“Sure. How about my office?” Dr. Brackett suggested.
“Nurse Sutton, could you take over here?” Dixie said to a nurse that just stepped behind the counter. “I shouldn’t be gone too long.”
Kel led the way to his office and closed the door after everyone had entered. While Dixie and the A-shift seated themselves on the couch and chairs in the room, Kel sat down on the chair behind his desk.
Hank grinned sheepishly. “There’s just no easy way to say this. Chet says that there’s a ghost in his room. We thought he was joking, but he’s so adamant…” He saw Dixie and Kel glance at each other. “So there ‘ is’ a ghost.” He exhaled slowly. “Well that’s a relief.”
“It will be to Chet too,” Marco said.
“We thought he was losing it,” Mike added.
“I didn’t know there was a ghost at Rampart,” Roy said.
Dixie smiled. “It’s not something we want getting out. People have a hard enough time coming to a hospital as it is.” The men nodded, smiling.
“What room are they in?” Dr. Brackett asked.
“Room 326,” Hank said. “Why? Is that significant?”
“That’s the room he prefers to haunt. Everyone who works here knows about the ghost. My guess is Room 326 was the only room left last night when Johnny and Chet were admitted. We did have that freeway pile-up, remember.” The men nodded. “We try to keep that room vacant on October 31st, but it has happened before,” Dr. Brackett explained.
Hank and his men regarded each other. “So, what do we do? Chet’s frantic.”
“The ghost only appears on All Hallows Eve, October 31st, from midnight to midnight,” Dixie said. “He isn’t a bad sort, from what I’ve heard.”
The A-shift stared at her as if she’d lost her mind.
“What Dix is trying to say, gentlemen, is that the ghost plays pranks on whoever occupies that room during that 24-hour period each year. But only on those individuals who aren’t seriously hurt.”
“And if a child occupies the room, he goes out of his way to make the child more comfortable, by adding a touch of warmth and music,” Dixie finished.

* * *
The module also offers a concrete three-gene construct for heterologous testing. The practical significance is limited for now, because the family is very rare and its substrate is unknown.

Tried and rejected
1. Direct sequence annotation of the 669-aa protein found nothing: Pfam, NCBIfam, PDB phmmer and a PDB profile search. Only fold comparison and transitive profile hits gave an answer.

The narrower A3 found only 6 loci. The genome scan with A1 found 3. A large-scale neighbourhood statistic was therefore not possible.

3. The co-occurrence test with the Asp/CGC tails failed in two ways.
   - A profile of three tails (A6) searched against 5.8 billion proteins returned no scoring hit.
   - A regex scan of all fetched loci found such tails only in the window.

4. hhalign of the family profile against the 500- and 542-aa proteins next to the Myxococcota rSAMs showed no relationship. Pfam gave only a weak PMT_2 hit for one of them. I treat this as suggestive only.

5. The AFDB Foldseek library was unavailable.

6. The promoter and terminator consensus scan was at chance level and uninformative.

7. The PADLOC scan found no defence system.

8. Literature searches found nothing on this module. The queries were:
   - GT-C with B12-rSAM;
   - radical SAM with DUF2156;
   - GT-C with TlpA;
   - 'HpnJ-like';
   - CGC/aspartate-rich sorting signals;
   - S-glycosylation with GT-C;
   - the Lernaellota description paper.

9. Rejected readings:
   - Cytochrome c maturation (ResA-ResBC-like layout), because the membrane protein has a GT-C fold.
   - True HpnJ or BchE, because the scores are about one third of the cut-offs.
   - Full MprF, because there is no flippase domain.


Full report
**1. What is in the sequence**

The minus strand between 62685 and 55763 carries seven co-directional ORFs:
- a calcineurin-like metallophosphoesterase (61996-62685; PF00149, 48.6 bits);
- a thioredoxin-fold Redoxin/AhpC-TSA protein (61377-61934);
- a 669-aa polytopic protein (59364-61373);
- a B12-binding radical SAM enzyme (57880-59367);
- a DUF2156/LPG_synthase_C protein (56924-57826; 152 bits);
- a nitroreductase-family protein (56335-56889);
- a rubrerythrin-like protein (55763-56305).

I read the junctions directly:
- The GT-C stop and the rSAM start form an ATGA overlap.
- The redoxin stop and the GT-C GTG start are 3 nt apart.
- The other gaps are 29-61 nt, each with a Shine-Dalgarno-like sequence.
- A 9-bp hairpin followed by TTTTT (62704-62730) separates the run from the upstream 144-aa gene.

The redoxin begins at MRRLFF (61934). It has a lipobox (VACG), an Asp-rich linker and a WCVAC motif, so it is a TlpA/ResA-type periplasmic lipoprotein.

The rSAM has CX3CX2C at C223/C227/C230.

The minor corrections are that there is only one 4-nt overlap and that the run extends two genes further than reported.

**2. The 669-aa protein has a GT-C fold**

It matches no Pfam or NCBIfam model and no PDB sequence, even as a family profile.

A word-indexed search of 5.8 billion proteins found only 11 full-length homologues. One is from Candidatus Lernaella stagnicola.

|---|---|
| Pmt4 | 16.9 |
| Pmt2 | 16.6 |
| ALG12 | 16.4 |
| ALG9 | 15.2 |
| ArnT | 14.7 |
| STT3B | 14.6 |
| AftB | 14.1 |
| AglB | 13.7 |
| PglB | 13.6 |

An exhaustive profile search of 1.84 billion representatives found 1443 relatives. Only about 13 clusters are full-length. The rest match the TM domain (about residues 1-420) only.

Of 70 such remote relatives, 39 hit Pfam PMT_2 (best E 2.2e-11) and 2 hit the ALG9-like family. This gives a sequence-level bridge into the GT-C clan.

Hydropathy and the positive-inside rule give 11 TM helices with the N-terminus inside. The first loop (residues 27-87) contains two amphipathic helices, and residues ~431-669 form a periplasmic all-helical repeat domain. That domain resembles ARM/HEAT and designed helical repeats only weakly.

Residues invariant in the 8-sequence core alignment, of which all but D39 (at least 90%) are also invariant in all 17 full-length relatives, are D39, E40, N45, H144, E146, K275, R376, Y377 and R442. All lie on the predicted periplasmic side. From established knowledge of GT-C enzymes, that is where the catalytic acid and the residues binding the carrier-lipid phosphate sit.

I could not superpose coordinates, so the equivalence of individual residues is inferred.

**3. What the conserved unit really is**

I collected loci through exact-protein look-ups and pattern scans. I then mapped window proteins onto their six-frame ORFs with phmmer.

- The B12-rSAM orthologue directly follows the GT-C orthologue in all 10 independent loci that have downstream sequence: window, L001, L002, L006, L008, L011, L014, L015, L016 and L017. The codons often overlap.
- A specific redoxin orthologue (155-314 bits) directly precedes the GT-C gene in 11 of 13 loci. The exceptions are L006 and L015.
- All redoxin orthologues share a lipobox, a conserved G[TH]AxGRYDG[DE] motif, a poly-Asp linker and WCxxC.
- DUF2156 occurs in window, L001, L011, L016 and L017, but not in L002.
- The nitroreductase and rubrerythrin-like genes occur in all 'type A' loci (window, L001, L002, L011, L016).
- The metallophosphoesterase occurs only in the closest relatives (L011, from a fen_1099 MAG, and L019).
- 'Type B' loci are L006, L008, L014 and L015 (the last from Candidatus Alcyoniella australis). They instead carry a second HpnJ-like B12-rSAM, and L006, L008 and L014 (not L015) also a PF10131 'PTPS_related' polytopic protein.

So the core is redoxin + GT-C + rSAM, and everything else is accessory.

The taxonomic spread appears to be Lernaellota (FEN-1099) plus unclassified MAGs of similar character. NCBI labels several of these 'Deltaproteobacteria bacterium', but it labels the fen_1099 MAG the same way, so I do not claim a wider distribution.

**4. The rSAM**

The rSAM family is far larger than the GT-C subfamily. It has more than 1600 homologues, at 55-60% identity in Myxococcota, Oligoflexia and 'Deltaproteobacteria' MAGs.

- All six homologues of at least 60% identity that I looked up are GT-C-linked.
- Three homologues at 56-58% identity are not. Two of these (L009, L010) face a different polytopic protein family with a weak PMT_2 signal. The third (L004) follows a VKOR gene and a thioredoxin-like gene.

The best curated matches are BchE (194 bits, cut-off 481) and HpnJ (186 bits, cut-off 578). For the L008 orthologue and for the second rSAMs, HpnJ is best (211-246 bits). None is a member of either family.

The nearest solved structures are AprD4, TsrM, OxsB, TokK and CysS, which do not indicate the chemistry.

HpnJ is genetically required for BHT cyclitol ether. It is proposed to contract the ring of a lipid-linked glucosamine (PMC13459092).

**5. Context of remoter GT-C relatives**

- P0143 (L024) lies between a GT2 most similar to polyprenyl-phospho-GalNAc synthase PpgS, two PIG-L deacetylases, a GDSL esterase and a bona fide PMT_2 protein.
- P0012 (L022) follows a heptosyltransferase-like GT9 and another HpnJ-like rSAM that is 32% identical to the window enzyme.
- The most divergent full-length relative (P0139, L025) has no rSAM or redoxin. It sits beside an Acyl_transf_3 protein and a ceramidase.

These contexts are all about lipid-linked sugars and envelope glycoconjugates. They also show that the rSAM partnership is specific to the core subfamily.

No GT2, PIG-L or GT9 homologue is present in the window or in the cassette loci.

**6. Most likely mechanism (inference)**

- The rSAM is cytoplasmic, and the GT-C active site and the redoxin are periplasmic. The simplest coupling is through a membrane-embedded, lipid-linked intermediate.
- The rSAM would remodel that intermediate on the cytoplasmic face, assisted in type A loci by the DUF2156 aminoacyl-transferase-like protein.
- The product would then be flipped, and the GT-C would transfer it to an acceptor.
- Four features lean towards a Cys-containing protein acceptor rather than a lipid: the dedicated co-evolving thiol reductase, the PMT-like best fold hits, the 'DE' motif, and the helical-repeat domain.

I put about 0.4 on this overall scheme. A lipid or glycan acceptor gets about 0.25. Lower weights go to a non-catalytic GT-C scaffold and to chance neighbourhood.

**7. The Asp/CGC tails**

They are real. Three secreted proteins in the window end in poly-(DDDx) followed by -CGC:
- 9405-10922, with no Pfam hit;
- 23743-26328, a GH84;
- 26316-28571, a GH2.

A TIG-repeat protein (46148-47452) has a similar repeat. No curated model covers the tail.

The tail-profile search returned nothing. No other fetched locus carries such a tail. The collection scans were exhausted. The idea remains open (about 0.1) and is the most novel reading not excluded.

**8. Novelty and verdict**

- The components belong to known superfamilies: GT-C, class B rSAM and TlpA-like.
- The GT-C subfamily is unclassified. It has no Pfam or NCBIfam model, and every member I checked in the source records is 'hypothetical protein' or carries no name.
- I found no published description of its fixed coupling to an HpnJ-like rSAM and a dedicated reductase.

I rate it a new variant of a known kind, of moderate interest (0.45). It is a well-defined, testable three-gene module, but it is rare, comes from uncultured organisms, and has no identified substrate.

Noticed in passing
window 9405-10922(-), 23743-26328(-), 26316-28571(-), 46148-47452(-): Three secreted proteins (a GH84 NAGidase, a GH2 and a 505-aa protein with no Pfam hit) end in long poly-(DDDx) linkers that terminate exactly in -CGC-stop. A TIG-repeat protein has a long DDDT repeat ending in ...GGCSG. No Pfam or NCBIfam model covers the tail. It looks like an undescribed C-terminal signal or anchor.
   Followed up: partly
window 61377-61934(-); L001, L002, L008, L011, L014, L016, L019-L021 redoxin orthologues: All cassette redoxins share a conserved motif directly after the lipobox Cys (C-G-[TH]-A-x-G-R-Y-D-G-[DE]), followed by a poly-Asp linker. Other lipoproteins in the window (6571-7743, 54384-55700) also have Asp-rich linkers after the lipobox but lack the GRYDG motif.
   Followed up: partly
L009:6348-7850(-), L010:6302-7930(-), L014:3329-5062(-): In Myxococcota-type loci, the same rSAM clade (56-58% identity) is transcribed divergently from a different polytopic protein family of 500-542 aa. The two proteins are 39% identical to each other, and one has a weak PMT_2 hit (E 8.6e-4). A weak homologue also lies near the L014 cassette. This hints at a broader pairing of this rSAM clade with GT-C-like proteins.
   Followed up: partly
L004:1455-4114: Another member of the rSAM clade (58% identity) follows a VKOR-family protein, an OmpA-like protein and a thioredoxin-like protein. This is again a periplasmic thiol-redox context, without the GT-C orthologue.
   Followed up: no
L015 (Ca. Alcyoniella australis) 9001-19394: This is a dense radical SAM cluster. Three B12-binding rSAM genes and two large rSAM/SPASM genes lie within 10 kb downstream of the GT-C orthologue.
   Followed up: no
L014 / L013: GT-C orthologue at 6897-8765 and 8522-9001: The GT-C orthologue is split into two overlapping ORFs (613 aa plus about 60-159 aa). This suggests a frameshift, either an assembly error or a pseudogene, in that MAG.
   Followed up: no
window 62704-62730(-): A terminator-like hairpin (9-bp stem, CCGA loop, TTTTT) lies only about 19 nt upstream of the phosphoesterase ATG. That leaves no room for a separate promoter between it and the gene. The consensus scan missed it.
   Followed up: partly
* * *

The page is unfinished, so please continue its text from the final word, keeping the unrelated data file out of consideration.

“So he’ll be gone at midnight?” Roy asked. Kel and Dixie nodded.
“Do you know anything more about him?” Hank asked. “I know you both believe he’s harmless, but I’m concerned for Chet and Johnny’s safety.”
“That’s about it, I’m afraid.” Dixie looked at Kel. “Sorry. We’ve always wanted to know more about him, but…” She shrugged then stood. “I’ll go up and reassure Chet.”
Dixie pushed open the door of Room 326 and entered, surprised to hear Johnny and Chet complaining about how much it hurt to laugh.
She looked at both as they held their bellies,
First at Gage and then at Kelly.
“The simple solution to your problem, gents,
Is to stop the laughter, if you catch my hint.”
That statement was met with gales of laugh,
Making her think they'd gone daft.
She went to Johnny to take his vitals.
What happened next gave her several startles.
Chet watched as McTavish followed her around
And boomed with “Tis glad I'm not homeward bound.
Where have ye been hiding such a bonny lass?
From her looks, she'd give me a proper dash.”
Dix glanced at Chet with his fist in his mouth
And his big eyes looking down south.
She felt the warmth on her backside bottom
And the whoosh of air across her bosom.
With a staring look, she exited the room
And left the two men to their doom.
She failed to take vitals from Chet,
Knowing it was a ghost she had just met.
The rest of the day was spent in talk
Of the three, only McTavish could walk.
He kept popping in and out
Watching for Nurse Dixie, no doubt.
That night, the station crew arrived again.
McTavish left, hell bent on ghostly sin.
With the crew gone, he returned with head low
Dixie had went home and he had such woe.
“Father! Father! Mum's in a terrible fright
And ye have to be home by midnight.”
She had floated in through the open door
In a lavender dress down to the floor.
Johnny's eyes got big as he saw this lovely dish
And he heard the lilt of daughter McTavish.
His grin was returned when she caught his eye.
“Father, he's so handsome!” and gave a big sigh.
They all heard the high whining screech,
“McTavish! Ye cheat!” and he made a quick speech.
“Must be on me way, me firefightin' men.
As you see, Mum's comin’ with her rollin’ pin.
Take care and come again next year,
When on this same day, I'll appear.”
He dashed through the wall, followed by his wife
Waving her pin and giving him strife.
Daughter followed slowly to give John a wink.
Mum reached and pulled her through in a blink.
“Next year, John, let's take vacation and go catch fish.”
“Nah, Chet, I'm gonna find someone that's Scottish.”
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LaJuan Jamie Simmons
Guest Dispatchers Stories by LaJuan Stories by Jamie Simmons Halloween Stories